Feature

Hey Maple Syrup Junkies, Sugaring Season Has Begun!

Robert Hudson Westover, Office of Communications
March 6th, 2020 at 10:48AM
USDA Forest Service Resource assistant Donald Harris guides fourth graders along the maple sugaring process at Neighborhood House Nature Center.
USDA Forest Service Resource assistant Donald Harris guides fourth graders along the maple sugaring process at Neighborhood House Nature Center. Photo /Neighborhood House Nature Center

Maple syrup is sweet, delicious and this is the time of year it’s made, or wrung if you will, from the sap of maple trees in what folks in the Northeast of the U.S. call the sugaring season. And this season of sweetness gathering is only once a year and only for about two weeks—explaining why this nectar of the north is often a pricey commodity.

Like many sweetness junkies I really (really) love pure maple syrup and there are oh so many ways to enjoy this gift from the forests. Maple candies, maple butter, maple cookies and, yes, maple beer—although I have yet to make that last one a priority, I’m very willing to try!

But it’s not all syrup, candy and cookies for the future of the sugaring season. Our warming planet is affecting both the growing range of maples as well as the timing of the tapping of sap.

The good news is, studies by the USDA Forest Service have examined the relationships between sap flow and increasing temperatures over the years and have found that the number of sap flow days may not change in the Northeast, but the timing of peak production is shifting earlier in the year.

In other words, by tapping maple trees earlier in the sugaring season, maple syrup producers in states like New Hampshire and Vermont and other northern states should be able to keep producing maple syrup for the next 100 years. So, fellow junkies, no need to worry! Maple syrup will continue to flow in late February in years to come.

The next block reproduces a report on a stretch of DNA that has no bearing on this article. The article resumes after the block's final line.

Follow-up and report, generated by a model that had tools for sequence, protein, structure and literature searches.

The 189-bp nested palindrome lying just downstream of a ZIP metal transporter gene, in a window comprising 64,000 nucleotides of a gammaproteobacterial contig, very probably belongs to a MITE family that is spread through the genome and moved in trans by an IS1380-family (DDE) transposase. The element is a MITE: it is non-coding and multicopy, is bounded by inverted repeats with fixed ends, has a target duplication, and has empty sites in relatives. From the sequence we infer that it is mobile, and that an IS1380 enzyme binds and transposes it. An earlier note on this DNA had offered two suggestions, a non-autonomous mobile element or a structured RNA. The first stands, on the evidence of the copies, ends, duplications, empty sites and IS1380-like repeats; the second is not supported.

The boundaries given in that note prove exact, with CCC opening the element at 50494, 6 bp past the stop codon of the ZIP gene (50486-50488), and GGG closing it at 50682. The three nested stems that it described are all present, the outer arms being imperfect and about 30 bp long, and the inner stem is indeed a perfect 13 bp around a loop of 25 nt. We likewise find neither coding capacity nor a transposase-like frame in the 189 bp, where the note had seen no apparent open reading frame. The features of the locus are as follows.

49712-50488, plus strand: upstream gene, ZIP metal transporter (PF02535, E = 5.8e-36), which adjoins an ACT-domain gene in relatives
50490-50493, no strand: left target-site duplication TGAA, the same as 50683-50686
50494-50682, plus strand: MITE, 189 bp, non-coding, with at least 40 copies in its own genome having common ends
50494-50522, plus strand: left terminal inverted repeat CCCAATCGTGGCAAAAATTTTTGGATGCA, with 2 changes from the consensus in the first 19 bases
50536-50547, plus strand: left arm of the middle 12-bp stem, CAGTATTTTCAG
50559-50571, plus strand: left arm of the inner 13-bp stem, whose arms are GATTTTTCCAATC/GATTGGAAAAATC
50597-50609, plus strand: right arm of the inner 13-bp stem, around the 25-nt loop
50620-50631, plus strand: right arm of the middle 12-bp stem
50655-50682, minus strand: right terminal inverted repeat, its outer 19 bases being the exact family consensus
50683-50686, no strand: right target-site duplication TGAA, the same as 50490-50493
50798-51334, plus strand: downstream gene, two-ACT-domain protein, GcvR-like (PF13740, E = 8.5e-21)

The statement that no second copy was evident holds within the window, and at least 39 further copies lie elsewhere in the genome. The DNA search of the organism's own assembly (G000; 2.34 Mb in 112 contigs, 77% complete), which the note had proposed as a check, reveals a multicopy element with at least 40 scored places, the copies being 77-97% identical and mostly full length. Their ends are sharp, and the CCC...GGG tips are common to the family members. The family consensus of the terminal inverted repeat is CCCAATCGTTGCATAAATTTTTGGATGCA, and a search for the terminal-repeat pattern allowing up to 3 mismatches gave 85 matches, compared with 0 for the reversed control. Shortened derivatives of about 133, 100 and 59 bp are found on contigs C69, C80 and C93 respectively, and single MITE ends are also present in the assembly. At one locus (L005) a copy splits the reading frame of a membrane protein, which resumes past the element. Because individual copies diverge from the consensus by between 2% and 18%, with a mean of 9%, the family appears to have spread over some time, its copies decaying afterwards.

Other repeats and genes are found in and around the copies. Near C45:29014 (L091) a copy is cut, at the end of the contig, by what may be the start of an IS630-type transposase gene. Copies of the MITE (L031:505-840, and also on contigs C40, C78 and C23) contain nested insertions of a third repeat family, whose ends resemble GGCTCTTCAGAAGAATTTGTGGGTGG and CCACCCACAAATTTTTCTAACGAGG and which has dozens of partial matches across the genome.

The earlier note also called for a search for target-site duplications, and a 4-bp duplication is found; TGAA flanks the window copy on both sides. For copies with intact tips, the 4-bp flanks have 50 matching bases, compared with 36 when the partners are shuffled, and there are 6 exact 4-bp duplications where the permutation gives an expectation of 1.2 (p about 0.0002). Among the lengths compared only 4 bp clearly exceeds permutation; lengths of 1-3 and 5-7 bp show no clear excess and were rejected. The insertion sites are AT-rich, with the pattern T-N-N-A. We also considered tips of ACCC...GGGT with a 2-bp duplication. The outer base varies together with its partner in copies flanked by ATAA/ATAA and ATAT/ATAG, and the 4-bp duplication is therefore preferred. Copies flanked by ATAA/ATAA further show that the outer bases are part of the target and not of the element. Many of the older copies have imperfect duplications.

The somewhat bad news is that studies also indicate that the southern extent of maple tree habitat, states like Pennsylvania and Virginia, might see overall production reduced sooner.

A maple tree in Canterbury, NH, displays vibrant foliage during the Fall season.
A maple tree in Canterbury, NH, displays vibrant foliage during the Fall season. Forest Service Photo/ Glenn Rosenholm

To help us understand the sugaring process a little better, the Forest Service’s Northern Research Station developed an atlas of the potential future habitat for many tree species in the Eastern U.S. with an emphasis on maples.

As mentioned above, the atlas shows that changes in temperature will likely reduce the amount of a suitable habitat for maple trees in the coming century. So, while maple trees won't necessarily vanish from the Southern U.S. landscape, there could be fewer trees that are more stressed, possibly reducing maple syrup availability.

For the foreseeable future, the sugaring season and its armies of maple syrup tappers will continue to provide us sweetness junkies with plenty of pancake eating delight for many years to come.

https://www.fs.usda.gov/features/hey-maple-syrup-junkies-sugaring-season-has-begun